Quite soon after my first trip to Greenland in 2020, I started making plans for the upcoming year. Since André and his s/v Mae West would still be in Greenland in 2021, I decided to join a trip further north. This time, we were able to enjoy the midnight sun period. We started off in Aasiaat and visited Disko Island, before continued further north through Uummannaq Bay towards the Upernavik Iceflow and ending in Upernavik.
In Aasiaat we used the first days to prepare the ship for the journey ahead. We filled the water tanks, stocked up on groceries and did some last repairs. I used the time for some photography in the village and the abandoned fish factory I got acquainted with last year. After four days, we used a nice southerly wind to sail from Aasiaat to Kroonprinses Ejland. From there we continued to Qeqertarsuaq, the village on the south end of Disko Island. From Disko Island we made a long stint towards Uummannaq Bay, where the landscape became truly spectacular.
There’s a lot to share about this trip, but when it comes to stories, there are two experiences that really stand out.
Crossing the ice flow
The first real adventure took place during one of my watches. We were leaving the Uummannaq Bay from Illorsuit in the middle of the night. The rest of the crew was sound asleep. André and I talked it through before my shift. That night I would probably have to navigate through a dense ice flow from one of the nearby glaciers. As we were sailing, it was important for me to keep track of changing winds and the possible safe paths through the flow of icebergs. I could always use the engine as a backup, if necessary. André trusted me with the job and left me at the wheel.
An hour or so later I could clearly see the flow of blue-coloured mountains ahead. I was sailing the genoa, mainsail and misen on a northerly course with a pace of 5 to 6 knots. The wind was a stable half wind coming from the east. Closer to the icebergs I started anticipating possible routes, making sure I pass them upwind as much as possible. That way, I could avoid the smaller debris that drifts away from the icebergs, while also keeping the wind in the sails and retaining the required manoeuvrability if needed. If I wanted to take down any sails, this would be the time to do it. However, the visibility was good and I had confidence I would be able to find the right course through this minefield. For an hour or so I was concentrated to the fullest.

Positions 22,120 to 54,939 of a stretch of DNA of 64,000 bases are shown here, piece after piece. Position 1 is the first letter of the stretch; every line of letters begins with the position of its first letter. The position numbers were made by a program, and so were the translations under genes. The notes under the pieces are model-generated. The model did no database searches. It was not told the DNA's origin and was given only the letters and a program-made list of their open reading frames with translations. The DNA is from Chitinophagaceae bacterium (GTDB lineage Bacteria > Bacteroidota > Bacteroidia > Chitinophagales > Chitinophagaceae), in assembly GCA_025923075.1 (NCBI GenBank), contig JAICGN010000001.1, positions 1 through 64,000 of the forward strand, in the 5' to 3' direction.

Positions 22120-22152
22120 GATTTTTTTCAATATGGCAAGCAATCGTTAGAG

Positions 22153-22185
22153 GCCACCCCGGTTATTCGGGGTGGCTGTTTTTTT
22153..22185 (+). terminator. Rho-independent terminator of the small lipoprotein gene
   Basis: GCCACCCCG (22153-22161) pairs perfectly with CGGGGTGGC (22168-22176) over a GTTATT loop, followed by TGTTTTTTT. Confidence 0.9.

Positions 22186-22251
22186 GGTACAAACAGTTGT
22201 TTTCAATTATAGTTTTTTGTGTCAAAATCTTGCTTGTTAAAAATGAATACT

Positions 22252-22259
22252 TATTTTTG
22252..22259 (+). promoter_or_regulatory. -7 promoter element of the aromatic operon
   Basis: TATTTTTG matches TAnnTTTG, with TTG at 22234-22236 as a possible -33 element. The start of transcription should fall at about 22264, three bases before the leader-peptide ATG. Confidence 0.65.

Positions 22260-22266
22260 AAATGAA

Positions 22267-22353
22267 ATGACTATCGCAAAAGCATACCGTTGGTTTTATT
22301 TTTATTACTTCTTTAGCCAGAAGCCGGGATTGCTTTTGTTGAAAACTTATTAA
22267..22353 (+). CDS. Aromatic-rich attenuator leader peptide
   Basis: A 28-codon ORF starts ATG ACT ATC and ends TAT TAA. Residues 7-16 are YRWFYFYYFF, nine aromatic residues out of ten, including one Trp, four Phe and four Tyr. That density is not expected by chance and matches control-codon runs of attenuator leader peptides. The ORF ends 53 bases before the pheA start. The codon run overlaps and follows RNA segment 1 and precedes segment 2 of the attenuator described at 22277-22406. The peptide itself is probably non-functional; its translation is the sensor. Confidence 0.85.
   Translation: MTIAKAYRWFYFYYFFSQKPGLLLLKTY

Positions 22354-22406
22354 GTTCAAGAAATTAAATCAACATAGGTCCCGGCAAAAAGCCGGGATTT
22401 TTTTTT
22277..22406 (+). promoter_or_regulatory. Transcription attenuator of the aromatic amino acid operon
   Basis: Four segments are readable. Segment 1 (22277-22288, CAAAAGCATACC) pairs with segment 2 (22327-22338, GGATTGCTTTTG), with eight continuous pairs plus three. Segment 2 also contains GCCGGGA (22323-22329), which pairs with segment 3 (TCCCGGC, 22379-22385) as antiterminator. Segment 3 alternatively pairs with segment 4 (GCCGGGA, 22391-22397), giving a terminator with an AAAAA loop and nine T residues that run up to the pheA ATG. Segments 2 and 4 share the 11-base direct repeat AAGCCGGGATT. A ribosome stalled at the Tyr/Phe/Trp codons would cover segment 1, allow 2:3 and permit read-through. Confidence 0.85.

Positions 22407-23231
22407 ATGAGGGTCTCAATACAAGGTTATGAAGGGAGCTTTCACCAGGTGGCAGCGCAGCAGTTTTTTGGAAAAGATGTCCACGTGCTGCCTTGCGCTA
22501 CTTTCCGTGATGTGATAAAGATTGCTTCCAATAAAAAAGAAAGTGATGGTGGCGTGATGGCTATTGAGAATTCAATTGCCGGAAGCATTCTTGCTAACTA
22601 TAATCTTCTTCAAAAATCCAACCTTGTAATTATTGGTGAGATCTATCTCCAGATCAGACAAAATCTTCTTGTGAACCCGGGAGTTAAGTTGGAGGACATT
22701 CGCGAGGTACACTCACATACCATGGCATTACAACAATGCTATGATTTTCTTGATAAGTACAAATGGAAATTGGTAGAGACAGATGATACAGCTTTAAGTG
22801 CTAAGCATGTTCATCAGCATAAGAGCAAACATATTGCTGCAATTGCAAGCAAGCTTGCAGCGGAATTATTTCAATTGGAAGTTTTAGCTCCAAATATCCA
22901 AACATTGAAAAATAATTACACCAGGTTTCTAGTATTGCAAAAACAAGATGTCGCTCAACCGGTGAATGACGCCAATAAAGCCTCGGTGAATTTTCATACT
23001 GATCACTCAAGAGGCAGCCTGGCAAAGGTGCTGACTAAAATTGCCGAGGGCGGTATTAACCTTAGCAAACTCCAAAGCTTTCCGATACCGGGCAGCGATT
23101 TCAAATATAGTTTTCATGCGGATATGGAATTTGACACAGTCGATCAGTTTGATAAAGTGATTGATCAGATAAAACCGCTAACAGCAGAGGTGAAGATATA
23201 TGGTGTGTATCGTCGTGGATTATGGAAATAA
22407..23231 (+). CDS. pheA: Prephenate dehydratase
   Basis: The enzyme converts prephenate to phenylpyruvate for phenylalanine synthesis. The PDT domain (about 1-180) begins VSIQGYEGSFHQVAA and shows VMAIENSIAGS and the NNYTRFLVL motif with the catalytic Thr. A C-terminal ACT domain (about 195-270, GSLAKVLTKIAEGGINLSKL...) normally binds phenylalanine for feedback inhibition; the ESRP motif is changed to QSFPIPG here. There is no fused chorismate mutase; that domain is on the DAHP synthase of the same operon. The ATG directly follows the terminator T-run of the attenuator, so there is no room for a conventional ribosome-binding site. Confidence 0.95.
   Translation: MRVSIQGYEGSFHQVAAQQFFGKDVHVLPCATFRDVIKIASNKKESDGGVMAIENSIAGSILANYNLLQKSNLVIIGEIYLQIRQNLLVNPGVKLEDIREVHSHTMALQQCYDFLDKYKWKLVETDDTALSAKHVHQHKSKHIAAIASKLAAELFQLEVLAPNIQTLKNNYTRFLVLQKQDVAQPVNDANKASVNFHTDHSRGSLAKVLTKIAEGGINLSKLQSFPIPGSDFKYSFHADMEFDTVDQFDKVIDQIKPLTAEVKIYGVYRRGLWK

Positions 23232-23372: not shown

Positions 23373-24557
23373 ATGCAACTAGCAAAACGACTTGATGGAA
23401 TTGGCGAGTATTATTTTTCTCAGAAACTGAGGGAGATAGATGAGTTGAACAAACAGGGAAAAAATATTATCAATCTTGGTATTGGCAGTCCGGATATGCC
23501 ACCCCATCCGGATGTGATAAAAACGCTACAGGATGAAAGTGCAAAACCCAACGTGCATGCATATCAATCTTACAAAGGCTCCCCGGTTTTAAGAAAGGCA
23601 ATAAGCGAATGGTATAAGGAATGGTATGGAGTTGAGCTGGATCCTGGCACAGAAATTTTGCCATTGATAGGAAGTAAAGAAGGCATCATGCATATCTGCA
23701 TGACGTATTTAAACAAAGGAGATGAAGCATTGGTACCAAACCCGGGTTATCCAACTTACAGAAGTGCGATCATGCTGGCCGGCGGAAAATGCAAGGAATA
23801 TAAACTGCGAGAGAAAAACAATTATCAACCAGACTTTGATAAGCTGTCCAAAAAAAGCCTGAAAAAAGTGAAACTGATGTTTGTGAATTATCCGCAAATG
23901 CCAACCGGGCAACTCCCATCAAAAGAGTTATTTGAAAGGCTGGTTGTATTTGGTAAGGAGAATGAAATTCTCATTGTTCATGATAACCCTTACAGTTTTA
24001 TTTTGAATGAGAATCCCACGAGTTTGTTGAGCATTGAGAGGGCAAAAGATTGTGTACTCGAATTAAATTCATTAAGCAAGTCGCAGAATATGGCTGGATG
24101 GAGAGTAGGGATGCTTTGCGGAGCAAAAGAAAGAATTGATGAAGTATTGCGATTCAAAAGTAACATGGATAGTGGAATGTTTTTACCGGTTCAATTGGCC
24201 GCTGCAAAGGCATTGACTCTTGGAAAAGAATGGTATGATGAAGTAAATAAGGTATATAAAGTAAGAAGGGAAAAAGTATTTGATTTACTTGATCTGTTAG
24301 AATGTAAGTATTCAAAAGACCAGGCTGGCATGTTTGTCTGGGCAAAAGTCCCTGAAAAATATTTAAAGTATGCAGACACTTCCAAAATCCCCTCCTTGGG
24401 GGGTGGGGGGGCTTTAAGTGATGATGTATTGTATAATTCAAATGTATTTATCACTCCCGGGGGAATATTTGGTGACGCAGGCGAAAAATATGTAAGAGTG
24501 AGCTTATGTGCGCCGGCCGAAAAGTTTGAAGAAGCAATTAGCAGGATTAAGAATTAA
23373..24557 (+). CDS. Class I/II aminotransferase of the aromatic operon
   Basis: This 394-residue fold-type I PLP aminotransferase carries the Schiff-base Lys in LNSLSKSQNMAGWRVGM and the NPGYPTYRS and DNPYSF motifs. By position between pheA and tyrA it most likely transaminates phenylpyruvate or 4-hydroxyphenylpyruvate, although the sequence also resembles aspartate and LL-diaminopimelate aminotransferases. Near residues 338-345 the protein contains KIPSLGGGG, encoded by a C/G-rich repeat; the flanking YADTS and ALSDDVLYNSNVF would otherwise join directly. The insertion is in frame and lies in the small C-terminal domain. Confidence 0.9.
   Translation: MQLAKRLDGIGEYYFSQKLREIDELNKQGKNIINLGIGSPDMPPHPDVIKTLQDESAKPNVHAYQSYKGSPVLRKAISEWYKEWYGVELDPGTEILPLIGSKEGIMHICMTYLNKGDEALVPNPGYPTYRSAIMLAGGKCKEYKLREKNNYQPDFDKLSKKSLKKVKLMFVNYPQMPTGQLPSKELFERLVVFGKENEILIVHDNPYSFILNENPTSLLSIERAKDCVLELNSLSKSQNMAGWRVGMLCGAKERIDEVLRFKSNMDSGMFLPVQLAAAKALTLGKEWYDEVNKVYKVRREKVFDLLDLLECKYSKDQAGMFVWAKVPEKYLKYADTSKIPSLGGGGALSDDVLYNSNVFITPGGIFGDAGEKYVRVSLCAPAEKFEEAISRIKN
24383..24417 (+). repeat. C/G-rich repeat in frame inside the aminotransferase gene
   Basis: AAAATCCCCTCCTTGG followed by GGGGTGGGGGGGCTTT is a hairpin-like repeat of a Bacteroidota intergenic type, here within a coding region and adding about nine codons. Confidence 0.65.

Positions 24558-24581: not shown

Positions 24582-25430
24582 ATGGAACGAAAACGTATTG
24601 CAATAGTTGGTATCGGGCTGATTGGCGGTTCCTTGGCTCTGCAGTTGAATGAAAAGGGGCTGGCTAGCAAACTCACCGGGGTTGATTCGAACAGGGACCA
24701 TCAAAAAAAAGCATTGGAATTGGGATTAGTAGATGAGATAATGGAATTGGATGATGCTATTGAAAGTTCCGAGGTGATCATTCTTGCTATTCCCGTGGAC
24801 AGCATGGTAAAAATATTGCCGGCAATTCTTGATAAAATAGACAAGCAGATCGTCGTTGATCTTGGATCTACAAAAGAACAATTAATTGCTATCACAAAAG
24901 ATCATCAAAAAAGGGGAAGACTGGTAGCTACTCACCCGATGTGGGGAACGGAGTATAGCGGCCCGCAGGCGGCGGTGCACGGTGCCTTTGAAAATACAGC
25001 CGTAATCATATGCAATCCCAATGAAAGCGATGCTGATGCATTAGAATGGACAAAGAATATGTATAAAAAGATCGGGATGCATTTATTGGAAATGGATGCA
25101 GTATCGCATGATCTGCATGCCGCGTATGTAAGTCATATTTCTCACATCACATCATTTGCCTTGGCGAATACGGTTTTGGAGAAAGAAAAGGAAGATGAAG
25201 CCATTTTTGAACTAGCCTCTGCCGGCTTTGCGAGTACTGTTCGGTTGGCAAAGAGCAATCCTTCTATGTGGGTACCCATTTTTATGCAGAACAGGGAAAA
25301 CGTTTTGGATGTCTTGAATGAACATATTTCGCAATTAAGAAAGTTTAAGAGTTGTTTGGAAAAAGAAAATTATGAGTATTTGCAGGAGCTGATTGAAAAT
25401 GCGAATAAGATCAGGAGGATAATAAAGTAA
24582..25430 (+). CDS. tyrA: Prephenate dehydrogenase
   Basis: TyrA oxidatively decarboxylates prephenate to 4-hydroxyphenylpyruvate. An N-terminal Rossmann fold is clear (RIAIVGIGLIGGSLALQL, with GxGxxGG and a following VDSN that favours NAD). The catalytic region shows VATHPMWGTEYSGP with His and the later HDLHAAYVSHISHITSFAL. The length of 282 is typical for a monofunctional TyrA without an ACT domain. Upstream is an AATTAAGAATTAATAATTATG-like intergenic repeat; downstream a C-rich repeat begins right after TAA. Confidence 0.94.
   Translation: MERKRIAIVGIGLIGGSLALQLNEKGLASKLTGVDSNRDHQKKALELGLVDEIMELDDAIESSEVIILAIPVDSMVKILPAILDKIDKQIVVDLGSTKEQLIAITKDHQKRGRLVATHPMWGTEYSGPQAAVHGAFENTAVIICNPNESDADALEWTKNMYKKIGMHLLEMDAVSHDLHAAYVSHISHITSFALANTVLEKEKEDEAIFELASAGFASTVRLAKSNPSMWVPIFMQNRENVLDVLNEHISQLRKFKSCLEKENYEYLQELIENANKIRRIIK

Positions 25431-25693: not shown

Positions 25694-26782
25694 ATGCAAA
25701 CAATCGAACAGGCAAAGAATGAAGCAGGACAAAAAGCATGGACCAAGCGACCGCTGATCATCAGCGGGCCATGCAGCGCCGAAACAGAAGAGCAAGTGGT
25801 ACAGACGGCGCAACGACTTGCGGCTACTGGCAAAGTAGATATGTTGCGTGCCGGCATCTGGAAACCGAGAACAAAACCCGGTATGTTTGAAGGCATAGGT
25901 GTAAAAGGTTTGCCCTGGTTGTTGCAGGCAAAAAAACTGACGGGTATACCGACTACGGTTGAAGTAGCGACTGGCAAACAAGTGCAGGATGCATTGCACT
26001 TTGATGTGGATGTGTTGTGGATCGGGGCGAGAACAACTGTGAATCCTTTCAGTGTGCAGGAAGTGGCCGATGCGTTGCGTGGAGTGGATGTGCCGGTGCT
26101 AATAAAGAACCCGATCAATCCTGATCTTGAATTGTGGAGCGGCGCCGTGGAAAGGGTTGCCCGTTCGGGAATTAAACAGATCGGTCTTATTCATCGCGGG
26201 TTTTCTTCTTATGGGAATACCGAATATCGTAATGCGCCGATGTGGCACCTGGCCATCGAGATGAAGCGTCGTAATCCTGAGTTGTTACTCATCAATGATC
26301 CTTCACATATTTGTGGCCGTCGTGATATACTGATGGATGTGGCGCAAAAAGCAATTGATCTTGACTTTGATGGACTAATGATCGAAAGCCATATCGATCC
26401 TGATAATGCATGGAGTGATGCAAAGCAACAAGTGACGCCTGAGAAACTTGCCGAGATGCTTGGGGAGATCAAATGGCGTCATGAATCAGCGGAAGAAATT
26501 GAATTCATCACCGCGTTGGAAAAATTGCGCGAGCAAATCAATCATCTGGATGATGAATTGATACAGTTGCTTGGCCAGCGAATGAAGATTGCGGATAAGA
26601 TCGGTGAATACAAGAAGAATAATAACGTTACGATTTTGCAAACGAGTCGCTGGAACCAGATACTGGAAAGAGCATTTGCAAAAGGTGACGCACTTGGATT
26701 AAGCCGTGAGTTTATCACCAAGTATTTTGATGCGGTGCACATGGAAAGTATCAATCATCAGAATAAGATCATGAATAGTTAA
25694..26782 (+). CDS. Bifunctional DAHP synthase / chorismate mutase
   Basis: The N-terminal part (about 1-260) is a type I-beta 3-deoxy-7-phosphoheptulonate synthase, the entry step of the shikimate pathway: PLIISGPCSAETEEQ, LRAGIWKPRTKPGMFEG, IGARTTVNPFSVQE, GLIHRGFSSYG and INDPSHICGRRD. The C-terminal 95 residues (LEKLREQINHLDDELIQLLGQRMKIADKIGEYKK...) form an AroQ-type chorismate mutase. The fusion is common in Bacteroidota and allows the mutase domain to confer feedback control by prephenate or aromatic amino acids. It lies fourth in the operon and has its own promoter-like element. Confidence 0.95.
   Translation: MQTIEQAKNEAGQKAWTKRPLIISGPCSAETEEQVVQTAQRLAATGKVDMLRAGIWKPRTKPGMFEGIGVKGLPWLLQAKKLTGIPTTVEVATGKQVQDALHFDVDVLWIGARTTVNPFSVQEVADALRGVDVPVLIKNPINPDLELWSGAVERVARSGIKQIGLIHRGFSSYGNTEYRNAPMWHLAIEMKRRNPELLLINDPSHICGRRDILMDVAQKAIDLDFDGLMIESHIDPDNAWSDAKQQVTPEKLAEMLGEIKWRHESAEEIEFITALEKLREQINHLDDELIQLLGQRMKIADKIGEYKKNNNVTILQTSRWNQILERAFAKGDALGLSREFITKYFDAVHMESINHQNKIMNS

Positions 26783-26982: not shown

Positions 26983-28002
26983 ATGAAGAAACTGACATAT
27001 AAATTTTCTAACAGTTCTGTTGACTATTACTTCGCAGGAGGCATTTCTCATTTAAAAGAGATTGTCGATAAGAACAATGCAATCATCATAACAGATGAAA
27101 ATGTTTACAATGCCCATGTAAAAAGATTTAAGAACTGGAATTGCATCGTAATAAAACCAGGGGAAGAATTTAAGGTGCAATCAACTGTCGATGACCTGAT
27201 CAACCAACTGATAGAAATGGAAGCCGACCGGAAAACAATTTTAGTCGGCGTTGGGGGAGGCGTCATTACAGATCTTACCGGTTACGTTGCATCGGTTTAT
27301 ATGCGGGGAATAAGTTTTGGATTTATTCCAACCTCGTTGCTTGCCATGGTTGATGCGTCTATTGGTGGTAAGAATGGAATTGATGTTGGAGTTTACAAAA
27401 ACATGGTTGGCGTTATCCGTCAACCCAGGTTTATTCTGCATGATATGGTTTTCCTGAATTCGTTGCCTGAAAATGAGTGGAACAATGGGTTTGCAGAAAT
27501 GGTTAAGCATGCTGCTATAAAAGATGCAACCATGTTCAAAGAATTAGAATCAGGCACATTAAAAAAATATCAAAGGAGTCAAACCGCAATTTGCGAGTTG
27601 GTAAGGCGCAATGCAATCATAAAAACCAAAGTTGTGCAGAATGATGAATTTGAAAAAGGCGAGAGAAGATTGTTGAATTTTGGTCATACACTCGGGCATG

At one point I had to either take a big detour following the ice flow, or cross a narrow passage between two icebergs. I figured I could do the latter by by sailing close to the wind. The two icebergs were no more than 300 meters apart. It might not sound close, but considering that it actually feels like they are less than 100 meters apart and that they could have a so-called ‘foot’ just underneath the surface made it quite precarious. It would have only taken one error for the leeway to be gone.
Another hour later I was able to look back at the train of icebergs that was now behind us. I suddenly realised I had not taken a single picture of this adventure, even though my camera was within reach. This alone made it a rare moment for me. I quickly grabbed the camera to make sure I had a shot of the last iceberg we passed. I have many more interesting pictures of icebergs than this one, still it’s one of my most memorable and as such significant images for me personally.
From Uummannaq Bay we ventured further north towards the Upernavik glacier. The weather conditions for the next few days seemed good and stable. That made it possible to get all the way up to the ice flow itself. However, due to the retreating of the glaciers, a lot of these waters are completely uncharted and unpredictable. The upside is that there might also be new anchoring spots to be discovered.
André downloaded the most recent satellite image to search for interesting achoring spots. While scanning the glacier front, we found a small bay with a dead end of the glacier tongue. From above it looked like the most perfect sheltered bay. It seemed too good to be true. We set up a rough route towards the anchorage on the plotter, which it only displayed as ‘land’. We were curious to see how that would turn out.
Since these waters were uncharted and full of skerries, we traveled carefully on the engine and constantly checked our depth. I was behind the wheel the whole route. There were some extremely nerve-racking moments. At one point the depth jumped up from unreadable (>180 meters) to no more than 10 meters within seconds. We had to stall the ship on several occasions.
After about two hours we arrived at the bay. The scenics were amazing and the shore underneath the glacier actually proved to be ideal for the use of shorelines. The entry of the bay had a small bump of four to six meters with good protection against incoming ice. The depth within the bay was very stable. The anchoring was easy and we could soon after use the dinghy to attach shorelines to two big boulders. An hour later we enjoyed a small beer, while basking in the arctic summer sun. It was an extraordinary feeling to just be there: an anchorage we had discovered ourselves and where no one had anchored before.
Every single time I look back at the pictures of this anchorage it brings a smile upon my face. It makes me feel humble and I realise what a privilege it is to experience things like this. It is without doubt one of my greatest experiences in life.
Visit the following link to see my photography portfolio of Disko Bay, Greenland.